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News Analysis: Proposal for a forced leave from politics of Thai leaders draws flak

English.news.cn   2014-04-30 20:05:10

by Surasak Tumcharoen

BANGKOK, April 30 (Xinhua) -- A fresh proposal for top Thai political figures to take a leave from politics for a year or two in order for the "national reform" measures to be put in place to solve the ongoing political crisis in the country has been met with criticisms by some sectors as being improper and undemocratic.

Undersecretary for Justice Kittipong Kitayarak recently proposed that major politicians, including acting premier Yingluck Shinawatra, former premier Abhisit Vejjajiva and former deputy premier Suthep Thaugsuban, should temporarily retire from the political arena for a period of one year or one year and a half during which time the "national reforms" that the anti-government protesters have been demanding could be instituted and that they all can return to politics after that.

Kittipong claimed that his proposal was entirely his own and does not reflect the views of the ruling party or any other political groups.

He said that opposing figures from the ruling party and the opposition should skip from running in the next election, which, according to the Election Commission, could be held in July, following the Feb. 2 polls which the Constitutional Court ruled as "null and void."

During the interim period when they will be out of office, these top leaders can devote themselves in crafting and implementing the "national reforms" which might last a year or a year and a half, after which parliament will be dissolved and a new election held.

After that, the "hibernating" politicians could come back to the political arena, according Kittipong.

But Thammasat University political scientist Virote Ali contended that such initiatives are not only counterproductive but also undemocratic and that the political conflict would not end only because these figures gave up their political roles, albeit only for a year or a year and a half.

"Such initiatives are utterly absurd and not a way out from the political conflict. It is improper because the conflict is not only about one person being at odds with another person. It is also undemocratic because such approaches by no means call for the participation of the people in any effort to solve the conflict," Virote Ali said.

He said that if the proposal is adopted, all politicians would have to call it quits from politics every time there is a political crisis or a conflict with each other. "The political arena would only keep changing faces but the problem would remain unsolved," he said.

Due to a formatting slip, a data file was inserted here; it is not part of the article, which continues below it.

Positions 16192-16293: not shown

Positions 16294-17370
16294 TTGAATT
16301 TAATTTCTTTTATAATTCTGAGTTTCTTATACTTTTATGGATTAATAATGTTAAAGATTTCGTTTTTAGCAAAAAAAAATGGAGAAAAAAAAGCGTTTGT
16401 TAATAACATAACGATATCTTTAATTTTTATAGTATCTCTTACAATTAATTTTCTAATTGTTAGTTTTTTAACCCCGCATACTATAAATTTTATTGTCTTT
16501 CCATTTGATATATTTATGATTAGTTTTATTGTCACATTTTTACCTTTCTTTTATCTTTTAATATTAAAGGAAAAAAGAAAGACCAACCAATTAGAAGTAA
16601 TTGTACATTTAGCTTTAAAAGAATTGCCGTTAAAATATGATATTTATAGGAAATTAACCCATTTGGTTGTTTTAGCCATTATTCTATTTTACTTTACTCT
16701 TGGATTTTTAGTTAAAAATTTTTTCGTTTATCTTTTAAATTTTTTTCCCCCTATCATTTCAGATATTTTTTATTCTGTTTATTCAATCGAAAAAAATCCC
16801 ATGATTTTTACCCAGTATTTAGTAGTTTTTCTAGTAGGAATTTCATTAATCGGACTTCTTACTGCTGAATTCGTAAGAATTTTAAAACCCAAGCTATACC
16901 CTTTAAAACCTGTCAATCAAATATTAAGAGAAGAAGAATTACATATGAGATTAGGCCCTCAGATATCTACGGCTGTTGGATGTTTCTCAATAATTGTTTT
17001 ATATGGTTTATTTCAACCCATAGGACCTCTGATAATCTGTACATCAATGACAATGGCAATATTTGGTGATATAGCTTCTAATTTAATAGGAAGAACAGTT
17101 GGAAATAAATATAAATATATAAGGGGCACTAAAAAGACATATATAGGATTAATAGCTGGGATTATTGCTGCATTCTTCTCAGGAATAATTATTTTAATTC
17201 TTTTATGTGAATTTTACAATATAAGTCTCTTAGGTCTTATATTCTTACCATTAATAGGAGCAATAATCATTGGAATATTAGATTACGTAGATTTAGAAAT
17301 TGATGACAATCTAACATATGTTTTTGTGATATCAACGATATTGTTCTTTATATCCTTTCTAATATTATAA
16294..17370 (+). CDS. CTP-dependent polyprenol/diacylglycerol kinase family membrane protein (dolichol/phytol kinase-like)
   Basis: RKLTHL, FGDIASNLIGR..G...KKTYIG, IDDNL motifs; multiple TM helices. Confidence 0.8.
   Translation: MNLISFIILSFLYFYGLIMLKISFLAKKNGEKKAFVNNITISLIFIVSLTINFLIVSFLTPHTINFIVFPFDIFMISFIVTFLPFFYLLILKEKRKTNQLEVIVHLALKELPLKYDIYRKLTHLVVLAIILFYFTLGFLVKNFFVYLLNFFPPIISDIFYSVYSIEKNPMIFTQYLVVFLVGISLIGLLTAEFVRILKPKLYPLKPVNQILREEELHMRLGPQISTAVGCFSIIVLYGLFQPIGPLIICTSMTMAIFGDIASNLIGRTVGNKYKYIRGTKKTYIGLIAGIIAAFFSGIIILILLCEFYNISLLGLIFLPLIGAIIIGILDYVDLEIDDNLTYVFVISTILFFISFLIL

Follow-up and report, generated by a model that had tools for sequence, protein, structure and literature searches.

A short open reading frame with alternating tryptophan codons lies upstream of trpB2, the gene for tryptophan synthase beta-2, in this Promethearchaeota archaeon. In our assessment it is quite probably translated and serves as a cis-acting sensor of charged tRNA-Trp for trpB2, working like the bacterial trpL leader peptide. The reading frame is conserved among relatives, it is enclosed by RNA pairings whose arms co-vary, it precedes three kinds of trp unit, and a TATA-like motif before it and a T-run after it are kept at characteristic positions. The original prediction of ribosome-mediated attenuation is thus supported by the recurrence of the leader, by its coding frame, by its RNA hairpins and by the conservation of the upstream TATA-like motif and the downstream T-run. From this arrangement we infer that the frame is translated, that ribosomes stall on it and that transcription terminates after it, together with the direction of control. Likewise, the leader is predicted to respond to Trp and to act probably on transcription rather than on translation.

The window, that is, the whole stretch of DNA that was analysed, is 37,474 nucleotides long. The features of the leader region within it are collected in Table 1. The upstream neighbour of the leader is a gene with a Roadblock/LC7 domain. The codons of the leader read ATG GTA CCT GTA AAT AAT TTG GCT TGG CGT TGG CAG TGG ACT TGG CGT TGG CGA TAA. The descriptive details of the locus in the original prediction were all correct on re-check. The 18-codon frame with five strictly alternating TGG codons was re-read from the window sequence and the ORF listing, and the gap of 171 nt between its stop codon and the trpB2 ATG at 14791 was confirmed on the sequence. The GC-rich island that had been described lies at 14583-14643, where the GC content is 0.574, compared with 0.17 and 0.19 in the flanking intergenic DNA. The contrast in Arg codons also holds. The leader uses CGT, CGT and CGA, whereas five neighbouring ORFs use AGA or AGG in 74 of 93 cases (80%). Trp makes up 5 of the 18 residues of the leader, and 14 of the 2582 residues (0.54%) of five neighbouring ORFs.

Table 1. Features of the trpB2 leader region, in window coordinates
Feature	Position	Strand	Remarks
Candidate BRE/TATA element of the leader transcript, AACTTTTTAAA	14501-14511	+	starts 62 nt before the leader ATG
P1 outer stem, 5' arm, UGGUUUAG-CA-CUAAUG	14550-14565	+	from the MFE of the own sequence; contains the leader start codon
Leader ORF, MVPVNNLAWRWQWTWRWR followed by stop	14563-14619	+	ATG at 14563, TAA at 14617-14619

Nationwide polls are an essential part of democratic rule under which the people are empowered to decide who are the most qualified to run the country, the academic said.

The leading figures who represent the people in parliament through the electoral process should be allowed to continue to do so no matter how critical their opposing views could be, according to the political scientist.

"It is the conflict of opinion which should be handled under peaceful, democratic process. The leading figures should not be barred from contesting the election so that they could still take part in the resolving of the conflict," he said.

A post-election government should do things in the interests of the people and country other than make "national reforms" as though it were top-priority agenda, the academic said.

Yingluck has remained non-committal on whether or not she will run in the new election but only said that she would rather leave it to the people to decide, but without elaborating on her real intention.

"I have not been attached to any position in government. I will not set preconditions in anything... Let the people decide for themselves," Yingluck said.

In the meantime, Abhisit, leader of the Democrat Party, is currently calling on the caretaker government and Election Commission to see to it that no more turbulence would occur to constituents and electoral candidates throughout the country in the new election as what happened in the annulled election which his party has boycotted.

The former premier has indicated that his party would join in the new election, which would put him at odds with Suthep, another opposition stalwart and former party secretary general, who has consistently said he will not participate in any electoral process for as long as a member of the Shinawatra family would run.

Editor: Fu Peng
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